North and South Korea relations may be on the thaw at the moment, but the countries have been engaged in decades-long economic, cultural and military war. And despite the North being closed off in terms of most technology and smartphone advancements, the love for a sleek smartphone makes North Koreans take extreme steps to get the latest Samsung Galaxy phones despite a national ban, and severe penalties for offenders.
A report from The Investor this week in the build-up to the historic North and South Korean talks shed light on how North Koreans are huge fans of Samsung’s Galaxy line-up and the company reigns supreme on the country’s smartphone black market. North Koreans are reportedly willing to fork out huge sums and take massive risks to own Samsung smartphones in a country where imported goods from South Korea are banned – even though this could very well change in the coming months.
Citizens of the notoriously isolated nation are just as enamored by smartphones as their South Korean counterparts. While the country’s smartphone user base continues to grow, the overall subscriber count is only around 5 million as of 2018, according to The Investor. Despite this low penetration, Galaxy devices are one of the most popular among illegally sourced units and sell at a considerable premium.
The publication also quotes Yang Un-chul, VP of South Korean research firm, Sejong Institute, as saying, “There are quite a number of North Koreans who are using Galaxy smartphones. It is not about whether they can get their hands on the Samsung smartphones, but about if they can afford to buy.”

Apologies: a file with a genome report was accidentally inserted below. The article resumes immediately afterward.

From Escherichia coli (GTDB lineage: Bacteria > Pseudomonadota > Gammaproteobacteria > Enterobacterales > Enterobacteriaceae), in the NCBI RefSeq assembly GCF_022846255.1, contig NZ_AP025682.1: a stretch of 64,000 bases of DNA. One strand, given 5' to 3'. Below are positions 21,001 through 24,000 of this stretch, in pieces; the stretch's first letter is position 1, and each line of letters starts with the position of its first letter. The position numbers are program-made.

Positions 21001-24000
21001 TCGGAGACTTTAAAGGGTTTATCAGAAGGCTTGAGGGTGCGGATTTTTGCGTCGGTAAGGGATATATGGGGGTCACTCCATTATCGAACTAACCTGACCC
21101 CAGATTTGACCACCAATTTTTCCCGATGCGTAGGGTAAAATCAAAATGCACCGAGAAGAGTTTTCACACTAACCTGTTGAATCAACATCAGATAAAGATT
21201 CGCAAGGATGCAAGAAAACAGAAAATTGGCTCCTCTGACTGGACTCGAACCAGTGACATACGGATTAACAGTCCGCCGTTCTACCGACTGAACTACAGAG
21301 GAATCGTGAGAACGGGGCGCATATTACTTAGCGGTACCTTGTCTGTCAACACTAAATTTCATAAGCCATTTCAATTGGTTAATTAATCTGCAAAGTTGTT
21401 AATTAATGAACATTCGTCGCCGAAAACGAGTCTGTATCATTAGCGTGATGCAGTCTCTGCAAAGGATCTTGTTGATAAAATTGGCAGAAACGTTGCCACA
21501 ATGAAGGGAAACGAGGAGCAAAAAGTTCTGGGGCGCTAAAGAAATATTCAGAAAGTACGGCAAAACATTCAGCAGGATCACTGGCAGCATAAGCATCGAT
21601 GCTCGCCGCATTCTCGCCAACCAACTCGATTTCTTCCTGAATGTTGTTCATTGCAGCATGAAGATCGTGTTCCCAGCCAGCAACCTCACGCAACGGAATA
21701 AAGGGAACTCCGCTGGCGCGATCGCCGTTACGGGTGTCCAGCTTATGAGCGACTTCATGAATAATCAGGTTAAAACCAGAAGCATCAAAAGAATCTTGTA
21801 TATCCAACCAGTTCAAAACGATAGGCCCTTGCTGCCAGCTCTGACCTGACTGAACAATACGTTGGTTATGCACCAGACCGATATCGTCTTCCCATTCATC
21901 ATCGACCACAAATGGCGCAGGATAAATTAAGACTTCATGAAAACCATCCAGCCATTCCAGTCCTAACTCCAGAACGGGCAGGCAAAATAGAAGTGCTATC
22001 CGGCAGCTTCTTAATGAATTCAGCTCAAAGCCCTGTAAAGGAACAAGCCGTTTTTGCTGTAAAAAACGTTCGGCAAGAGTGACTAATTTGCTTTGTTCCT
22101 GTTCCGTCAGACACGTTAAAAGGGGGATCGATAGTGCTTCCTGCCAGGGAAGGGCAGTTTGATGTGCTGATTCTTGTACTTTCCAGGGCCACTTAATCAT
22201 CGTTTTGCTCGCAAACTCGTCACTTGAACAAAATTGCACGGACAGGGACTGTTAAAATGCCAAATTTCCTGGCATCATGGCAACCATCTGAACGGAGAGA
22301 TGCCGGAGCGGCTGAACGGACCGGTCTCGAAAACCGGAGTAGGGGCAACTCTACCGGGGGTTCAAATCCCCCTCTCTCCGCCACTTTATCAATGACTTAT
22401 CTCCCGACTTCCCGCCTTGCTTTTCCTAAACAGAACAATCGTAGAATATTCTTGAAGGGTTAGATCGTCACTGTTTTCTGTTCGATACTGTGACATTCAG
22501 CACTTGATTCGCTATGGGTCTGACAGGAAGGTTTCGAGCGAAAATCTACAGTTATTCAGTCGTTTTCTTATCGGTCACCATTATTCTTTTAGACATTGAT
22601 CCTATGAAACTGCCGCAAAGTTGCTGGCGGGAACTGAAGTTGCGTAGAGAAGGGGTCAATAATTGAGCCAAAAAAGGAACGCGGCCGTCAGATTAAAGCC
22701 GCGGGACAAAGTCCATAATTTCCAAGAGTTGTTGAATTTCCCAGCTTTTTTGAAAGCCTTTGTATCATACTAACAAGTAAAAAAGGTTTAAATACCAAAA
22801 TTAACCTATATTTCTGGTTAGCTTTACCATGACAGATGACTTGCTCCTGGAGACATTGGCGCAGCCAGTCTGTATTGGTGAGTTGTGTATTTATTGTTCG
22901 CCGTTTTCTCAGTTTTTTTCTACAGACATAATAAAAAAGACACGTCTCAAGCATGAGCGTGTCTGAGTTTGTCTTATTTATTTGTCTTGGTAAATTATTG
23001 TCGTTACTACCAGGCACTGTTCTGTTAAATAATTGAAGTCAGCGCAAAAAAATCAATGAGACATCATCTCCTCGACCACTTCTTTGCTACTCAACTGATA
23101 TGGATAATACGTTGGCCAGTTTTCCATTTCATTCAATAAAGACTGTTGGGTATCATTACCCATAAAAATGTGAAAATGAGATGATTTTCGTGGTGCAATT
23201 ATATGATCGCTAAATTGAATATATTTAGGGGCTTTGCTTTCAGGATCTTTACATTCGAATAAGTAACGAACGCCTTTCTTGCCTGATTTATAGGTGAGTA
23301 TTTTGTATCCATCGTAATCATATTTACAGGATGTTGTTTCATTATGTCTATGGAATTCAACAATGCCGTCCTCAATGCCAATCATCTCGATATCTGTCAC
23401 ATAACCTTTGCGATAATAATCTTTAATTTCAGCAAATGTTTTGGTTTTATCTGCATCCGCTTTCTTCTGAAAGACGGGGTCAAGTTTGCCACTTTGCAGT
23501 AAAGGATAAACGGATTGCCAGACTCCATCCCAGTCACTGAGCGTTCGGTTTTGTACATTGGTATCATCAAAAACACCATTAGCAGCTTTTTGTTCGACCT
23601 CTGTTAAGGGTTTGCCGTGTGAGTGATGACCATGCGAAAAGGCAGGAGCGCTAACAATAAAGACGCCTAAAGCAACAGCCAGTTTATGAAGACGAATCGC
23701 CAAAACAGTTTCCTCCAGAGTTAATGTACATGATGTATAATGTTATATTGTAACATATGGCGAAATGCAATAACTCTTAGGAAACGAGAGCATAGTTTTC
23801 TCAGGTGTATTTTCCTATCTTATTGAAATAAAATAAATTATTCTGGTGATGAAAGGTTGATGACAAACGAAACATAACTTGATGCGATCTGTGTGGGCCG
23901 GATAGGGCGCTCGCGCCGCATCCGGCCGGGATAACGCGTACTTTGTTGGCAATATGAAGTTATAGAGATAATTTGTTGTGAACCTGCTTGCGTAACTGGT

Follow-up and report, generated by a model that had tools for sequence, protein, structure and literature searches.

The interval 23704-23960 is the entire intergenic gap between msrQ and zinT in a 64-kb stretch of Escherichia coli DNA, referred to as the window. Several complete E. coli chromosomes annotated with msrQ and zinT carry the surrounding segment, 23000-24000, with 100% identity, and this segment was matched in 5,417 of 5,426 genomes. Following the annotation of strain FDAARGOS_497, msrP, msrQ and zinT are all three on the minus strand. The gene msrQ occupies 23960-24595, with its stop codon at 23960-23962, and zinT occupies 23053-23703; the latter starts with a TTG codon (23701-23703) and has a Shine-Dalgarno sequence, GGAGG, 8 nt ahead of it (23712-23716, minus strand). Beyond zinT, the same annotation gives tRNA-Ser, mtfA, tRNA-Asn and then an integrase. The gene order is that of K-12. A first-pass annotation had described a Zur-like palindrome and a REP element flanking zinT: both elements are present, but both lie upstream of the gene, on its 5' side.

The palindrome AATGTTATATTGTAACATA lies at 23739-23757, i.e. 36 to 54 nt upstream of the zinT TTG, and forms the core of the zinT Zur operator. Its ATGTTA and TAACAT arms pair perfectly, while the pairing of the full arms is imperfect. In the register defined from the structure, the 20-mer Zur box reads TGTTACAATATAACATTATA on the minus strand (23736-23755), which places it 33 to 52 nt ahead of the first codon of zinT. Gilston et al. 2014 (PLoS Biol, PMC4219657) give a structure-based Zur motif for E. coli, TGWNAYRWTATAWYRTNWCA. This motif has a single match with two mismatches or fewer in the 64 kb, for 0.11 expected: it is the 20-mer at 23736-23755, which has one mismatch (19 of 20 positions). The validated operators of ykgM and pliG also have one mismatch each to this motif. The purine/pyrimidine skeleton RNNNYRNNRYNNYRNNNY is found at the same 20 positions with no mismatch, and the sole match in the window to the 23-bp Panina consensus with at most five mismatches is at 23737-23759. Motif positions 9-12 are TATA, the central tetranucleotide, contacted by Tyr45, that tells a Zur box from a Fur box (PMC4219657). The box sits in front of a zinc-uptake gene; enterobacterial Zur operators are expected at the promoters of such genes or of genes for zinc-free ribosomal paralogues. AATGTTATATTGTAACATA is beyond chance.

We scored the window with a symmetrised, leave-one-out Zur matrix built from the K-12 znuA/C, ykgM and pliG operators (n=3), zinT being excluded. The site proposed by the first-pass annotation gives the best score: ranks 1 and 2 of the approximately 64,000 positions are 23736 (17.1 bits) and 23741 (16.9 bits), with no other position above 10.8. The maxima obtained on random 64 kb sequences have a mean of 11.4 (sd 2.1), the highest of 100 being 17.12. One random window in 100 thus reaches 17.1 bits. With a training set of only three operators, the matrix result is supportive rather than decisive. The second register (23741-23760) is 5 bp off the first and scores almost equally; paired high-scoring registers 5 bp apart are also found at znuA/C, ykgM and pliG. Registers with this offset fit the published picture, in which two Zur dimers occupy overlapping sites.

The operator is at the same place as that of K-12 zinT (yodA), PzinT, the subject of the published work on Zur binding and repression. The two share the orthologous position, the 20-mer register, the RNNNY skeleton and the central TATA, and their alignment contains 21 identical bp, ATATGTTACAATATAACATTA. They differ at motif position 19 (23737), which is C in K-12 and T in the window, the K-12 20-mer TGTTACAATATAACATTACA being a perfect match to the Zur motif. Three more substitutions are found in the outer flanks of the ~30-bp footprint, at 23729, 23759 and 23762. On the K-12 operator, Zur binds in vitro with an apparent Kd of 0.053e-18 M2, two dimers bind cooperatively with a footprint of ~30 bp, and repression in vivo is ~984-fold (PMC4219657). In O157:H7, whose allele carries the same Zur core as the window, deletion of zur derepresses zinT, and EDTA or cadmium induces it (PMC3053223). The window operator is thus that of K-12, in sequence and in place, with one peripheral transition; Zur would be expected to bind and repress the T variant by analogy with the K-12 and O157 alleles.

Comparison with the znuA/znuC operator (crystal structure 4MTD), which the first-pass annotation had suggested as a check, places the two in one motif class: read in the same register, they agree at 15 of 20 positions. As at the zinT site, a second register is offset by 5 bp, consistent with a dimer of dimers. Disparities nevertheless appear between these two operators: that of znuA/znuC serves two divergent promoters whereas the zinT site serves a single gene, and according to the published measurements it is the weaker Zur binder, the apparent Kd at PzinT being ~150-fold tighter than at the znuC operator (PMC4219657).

The obvious reason for the popularity of Samsung over Japanese and Chinese companies is the language. And the great quality of Samsung smartphones is another reason the brand is preferred over others. One suspects that it would also be easier to acquire Samsung phones illegally due to the proximity of South Korea.
Of course, in a totalitarian country like North Korea, it is always wise to take precautions. Even being seen with an illegal purchase can land you in jail as government surveillance is omnipresent. To escape scrutiny and dodge punishment, North Korean Samsung users replace the branding on the phone with that of a Chinese or Japanese company. In some cases, users replace the country of origin label on a device with a duplicate one which shows ‘Made in China‘ or ‘Made in Japan’ to avoid detection.
While it’s definitely risky, the upside is that such smuggled phones also come with unrestricted internet access – well in a manner of speaking. Smuggled phones often have Chinese USIM cards, which allow users to make calls internationally and send text messages over apps such as WeChat, Telegram and KakaoTalk. This is practically impossible to do without the government finding out with North Korean SIMs. However, Chinese SIMs would also have some Chinese government taps so the activities would not be totally masked.